Discover Indianapolis’ Underground Museum Scene

We’ve already showcased five eccentric museums across the Midwest that you should seek out on your next road trip. In our research, though, we’ve discovered that Indianapolis really has cornered the market in interesting museums. Below, enjoy three particularly offbeat institutions that Indy is hiding in plain sight.

1/ Kurt Vonnegut Memorial Library
Half library, half museum, the Kurt Vonnegut Memorial Library is a tribute to the ever-uncensored Hoosier author himself. A visitor favorite includes a replica of Vonnegut’s desk setup, where visitors can sit and have their picture taken. “Don’t forget to type on the typewriter,” the library’s website says. “We’ll tweet it out to our supporters.” Vonnegut’s actual typewriter is also on display, along with his Purple Heart, rejection letters and several signed first editions of his novels.

2/ Museum of Miniature Houses
Learn about the surprisingly long (40,000 years!), broad history of miniatures at the Museum of Miniature Houses. Sure, children’s dollhouses are displayed, as one might imagine. But the museum also features a variety of other miniatures, such as replicas of ancient Japanese homes, antebellum vignettes and contemporary/mid-century architecture. In 2016, the museum hosted an exhibit titled “Hoosier History,” which included miniatures depicting aspects of Indiana’s own vibrant history.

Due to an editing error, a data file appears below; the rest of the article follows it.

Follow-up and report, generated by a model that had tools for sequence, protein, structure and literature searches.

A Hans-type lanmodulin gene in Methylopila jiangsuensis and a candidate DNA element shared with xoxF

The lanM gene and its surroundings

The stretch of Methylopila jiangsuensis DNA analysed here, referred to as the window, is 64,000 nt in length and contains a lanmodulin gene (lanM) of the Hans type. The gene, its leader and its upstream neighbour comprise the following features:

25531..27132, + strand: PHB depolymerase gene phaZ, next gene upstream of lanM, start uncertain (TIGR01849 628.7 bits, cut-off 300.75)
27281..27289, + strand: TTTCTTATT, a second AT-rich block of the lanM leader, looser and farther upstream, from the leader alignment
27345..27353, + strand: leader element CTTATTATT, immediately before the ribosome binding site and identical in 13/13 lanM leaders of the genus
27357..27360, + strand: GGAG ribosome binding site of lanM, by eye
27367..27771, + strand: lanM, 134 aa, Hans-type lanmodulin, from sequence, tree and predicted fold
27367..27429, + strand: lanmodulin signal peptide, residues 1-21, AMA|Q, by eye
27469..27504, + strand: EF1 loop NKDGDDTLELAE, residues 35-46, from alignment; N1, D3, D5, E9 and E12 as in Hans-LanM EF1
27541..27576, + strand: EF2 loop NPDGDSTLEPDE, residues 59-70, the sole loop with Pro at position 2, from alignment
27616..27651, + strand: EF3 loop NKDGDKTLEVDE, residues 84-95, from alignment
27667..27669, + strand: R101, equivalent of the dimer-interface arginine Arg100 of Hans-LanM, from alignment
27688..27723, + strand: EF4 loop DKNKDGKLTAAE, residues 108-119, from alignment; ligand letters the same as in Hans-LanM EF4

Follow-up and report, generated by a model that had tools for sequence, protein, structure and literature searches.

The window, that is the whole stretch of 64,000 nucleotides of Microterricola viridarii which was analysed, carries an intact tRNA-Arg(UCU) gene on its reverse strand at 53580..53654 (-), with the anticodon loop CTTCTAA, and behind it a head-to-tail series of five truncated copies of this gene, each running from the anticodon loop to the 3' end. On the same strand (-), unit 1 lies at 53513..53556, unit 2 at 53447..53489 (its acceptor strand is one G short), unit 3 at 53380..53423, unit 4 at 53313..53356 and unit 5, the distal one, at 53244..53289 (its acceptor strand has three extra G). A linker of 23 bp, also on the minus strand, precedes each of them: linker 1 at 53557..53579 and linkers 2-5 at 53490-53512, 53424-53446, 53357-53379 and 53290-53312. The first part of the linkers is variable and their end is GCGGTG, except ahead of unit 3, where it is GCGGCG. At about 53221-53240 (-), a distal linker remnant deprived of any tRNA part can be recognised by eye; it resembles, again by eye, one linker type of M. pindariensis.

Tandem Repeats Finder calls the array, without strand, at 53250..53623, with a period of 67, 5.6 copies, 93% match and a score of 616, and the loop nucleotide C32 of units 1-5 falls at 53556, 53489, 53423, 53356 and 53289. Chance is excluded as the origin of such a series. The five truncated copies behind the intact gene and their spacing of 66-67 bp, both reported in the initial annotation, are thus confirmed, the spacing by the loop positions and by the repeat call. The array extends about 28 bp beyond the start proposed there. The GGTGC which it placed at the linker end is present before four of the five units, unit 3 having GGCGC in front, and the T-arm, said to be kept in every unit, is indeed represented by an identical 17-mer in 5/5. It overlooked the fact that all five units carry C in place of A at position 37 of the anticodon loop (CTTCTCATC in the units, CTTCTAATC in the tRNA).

3/ Indiana Medical History Museum
Medicine—particularly psychology—was a whole different animal in the early 1900s than it is today. The Indiana Medical History Museum, housed on the campus of what was once the Central Indiana Hospital for the Insane, paints a clear picture of developments for the field of mental health from 1896 (the inaugural year of the hospital’s pathology department) to the department’s closing in the mid-1960s. Visitors can view the teaching amphitheater, the autopsy room and the anatomical museum (which includes the requisite brains in jars, if you have that kind of stomach), all complete with vintage tools and instruments.

Featured photo courtesy of Kurt Vonnegut Memorial Library.

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